The medial prefrontal cortex and amygdala are involved in the regulation of social behavior and associated with psychiatric diseases but their detailed neurophysiological mechanisms at a network level remain unclear. We recorded local field potentials (LFPs) from the dorsal medial prefrontal cortex (dmPFC) and basolateral amygdala (BLA) while male mice engaged on social behavior. We found that in wild-type mice, both the dmPFC and BLA increased 4-7 Hz oscillation power and decreased 30-60 Hz power when they needed to attend to another target mouse. In mouse models with reduced social interactions, dmPFC 4-7 Hz power further increased especially when they exhibited social avoidance behavior. In contrast, dmPFC and BLA decreased 4-7 Hz power when wild-type mice socially approached a target mouse. Frequency-specific optogenetic manipulations replicating social approach-related LFP patterns restored social interaction behavior in socially deficient mice. These results demonstrate a neurophysiological substrate of the prefrontal cortex and amygdala related to social behavior and provide a unified pathophysiological understanding of neuronal population dynamics underlying social behavioral deficits.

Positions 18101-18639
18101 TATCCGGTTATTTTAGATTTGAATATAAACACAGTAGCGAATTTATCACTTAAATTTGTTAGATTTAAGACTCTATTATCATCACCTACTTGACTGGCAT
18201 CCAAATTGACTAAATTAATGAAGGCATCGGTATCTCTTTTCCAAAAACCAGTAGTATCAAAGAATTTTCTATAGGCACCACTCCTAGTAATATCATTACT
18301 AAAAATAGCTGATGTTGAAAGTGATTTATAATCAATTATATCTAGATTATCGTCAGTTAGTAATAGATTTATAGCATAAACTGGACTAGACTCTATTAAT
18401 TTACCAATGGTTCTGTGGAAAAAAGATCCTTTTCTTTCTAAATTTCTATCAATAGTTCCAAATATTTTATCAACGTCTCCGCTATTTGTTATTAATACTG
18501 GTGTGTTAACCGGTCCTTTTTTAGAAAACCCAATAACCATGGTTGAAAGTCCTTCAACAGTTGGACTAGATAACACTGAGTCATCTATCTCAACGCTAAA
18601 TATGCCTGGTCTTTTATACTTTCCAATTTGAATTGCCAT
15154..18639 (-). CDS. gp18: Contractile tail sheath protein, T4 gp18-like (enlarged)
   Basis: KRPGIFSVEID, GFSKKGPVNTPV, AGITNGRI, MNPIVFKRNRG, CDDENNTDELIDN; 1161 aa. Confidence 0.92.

Keywords: amygdala; mouse; neuroscience; oscillation; prefrontal cortex; social behavior; stress.
© 2022, Kuga et al.